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About the Author
Andrew Froud is an ‘Ecologist’ working for the City of London, within Epping Forest (Essex). He is a licensed bat worker with over 10 years experience. In 2006, together with Keith French, he set up a 6 year research project, within a small part of Epping Forest, to examine habitat usage by bats in conjunction with the impact of habitat changes brought on by the sites Conservation Management Plan. Andrew’s initial interest in social calls came about when he and Keith discovered the first known lekking Nathusius’ pipistrelle roosts for Essex on their site. Since then, he has been fascinated by the subject, and recorded many social calls across a wide range of species. In recent years Andrew has delivered presentations on this subject to course delegates, local bat groups and natural history groups.
Keith French has over 10 years’ experience with bat related work, and is a licensed bat worker, both living and working within Epping Forest (Essex), where he is employed by the City of London as ‘Head Forest Keeper’. Having a driven associate like Andrew Froud has helped fuel his enthusiasm to delve deeper into this complex and relatively un-researched subject. After recording their first Nathusius’ pipistrelle lekking in an ancient oak pollard, the search was on to record social calls from other species, especially Noctule and Myotis. Keith has also been keen to pass on the knowledge he has gained by giving guided walks, presentations and allowing volunteers the chance to improve their skills. He is well travelled, having been fortunate enough to observe and record bats in some exotic locations such as the Amazon, Croatia, Costa Rica, USA and several African countries.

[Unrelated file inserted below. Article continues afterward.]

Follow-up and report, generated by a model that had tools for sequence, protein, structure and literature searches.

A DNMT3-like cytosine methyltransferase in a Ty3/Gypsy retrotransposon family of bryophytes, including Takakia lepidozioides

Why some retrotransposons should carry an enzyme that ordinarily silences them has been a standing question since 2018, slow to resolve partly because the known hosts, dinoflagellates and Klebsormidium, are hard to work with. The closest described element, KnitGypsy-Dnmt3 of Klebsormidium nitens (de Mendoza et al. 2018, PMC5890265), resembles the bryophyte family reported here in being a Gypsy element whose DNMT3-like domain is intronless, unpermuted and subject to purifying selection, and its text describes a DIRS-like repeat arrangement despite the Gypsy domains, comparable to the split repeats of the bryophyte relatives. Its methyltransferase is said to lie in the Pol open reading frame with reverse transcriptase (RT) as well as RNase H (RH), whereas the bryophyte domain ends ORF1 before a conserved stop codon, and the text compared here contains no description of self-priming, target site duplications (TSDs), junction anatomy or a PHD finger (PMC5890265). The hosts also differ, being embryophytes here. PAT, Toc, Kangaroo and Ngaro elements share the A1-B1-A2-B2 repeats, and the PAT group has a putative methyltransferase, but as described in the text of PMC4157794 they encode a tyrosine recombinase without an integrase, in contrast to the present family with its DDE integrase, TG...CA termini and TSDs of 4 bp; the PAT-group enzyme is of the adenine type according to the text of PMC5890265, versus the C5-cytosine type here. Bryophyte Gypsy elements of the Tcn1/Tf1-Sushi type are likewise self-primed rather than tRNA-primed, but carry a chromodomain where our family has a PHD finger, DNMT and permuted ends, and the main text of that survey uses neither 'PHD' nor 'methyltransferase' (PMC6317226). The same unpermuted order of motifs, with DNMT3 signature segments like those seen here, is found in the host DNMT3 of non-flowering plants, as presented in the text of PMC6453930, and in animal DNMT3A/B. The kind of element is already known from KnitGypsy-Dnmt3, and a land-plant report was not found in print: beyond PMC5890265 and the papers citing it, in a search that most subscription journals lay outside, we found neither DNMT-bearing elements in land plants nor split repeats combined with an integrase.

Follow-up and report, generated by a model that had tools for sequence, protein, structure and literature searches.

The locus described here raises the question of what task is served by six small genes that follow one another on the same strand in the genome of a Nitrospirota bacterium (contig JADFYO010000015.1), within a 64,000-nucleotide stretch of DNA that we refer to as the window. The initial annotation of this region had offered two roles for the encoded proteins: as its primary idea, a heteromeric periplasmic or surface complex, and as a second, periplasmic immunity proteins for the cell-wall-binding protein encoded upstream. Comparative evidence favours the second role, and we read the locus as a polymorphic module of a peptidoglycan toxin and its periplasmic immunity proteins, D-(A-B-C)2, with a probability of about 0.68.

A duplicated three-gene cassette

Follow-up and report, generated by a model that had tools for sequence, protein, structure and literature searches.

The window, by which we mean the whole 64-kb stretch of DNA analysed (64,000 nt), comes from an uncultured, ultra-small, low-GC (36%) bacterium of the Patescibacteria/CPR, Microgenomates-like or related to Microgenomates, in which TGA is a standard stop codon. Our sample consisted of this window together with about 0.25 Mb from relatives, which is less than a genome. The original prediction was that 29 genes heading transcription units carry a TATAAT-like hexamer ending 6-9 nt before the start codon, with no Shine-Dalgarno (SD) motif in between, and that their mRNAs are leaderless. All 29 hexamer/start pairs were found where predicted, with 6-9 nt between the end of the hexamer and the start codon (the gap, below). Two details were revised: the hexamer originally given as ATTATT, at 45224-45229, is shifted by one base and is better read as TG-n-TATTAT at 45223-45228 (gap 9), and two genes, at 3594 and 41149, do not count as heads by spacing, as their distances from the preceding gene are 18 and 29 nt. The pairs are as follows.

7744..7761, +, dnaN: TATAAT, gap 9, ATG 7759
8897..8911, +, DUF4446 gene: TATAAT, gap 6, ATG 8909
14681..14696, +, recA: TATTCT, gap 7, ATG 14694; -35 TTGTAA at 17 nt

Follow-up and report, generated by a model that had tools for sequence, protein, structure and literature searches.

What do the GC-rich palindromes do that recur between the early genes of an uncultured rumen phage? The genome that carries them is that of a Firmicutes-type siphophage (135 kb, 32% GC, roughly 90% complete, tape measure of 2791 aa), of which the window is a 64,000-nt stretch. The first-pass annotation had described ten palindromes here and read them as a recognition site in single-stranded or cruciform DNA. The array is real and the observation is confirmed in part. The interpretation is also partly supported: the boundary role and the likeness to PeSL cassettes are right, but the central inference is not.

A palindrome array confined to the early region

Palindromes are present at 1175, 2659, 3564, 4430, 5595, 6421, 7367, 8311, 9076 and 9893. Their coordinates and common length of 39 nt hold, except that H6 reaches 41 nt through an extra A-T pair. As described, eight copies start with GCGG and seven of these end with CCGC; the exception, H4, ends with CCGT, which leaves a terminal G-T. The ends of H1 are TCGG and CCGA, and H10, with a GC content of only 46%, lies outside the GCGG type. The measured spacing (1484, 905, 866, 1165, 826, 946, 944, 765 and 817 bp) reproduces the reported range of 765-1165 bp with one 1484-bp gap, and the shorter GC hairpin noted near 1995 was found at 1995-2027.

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An Overview of Bats within Britain and Ireland
Much has been written about the bat species occurring within Britain and Ireland, and it is not the intention here to reproduce what is easily accessible elsewhere. However, it is useful to cover a small number of more general areas relating to bats in order that the reader can relate the main subject matter of this book (i.e. social calls) to the species present in the area and their typical seasonal behaviours.
1.1 Species diversity
Within Britain and Ireland there are 17 species of bat regarded as being resident and breeding, represented by two families, comprising seven genera (see Table 1.1). In addition to these, other bat species have occasionally been found to be present, though these are thought to be occurring either purely as migrants or incidentally as vagrants (i.e. population not established and/or breeding not considered to be taking place). Throughout the world there are many families of bats; however, only two are known to be capable of true hibernation (Ransome, 1990; Altringham, 2003). Not surprisingly, due to our temperate climate producing much colder conditions in winter and hence less insect food availability, all bats occurring within Britain and Ireland belong to these two families.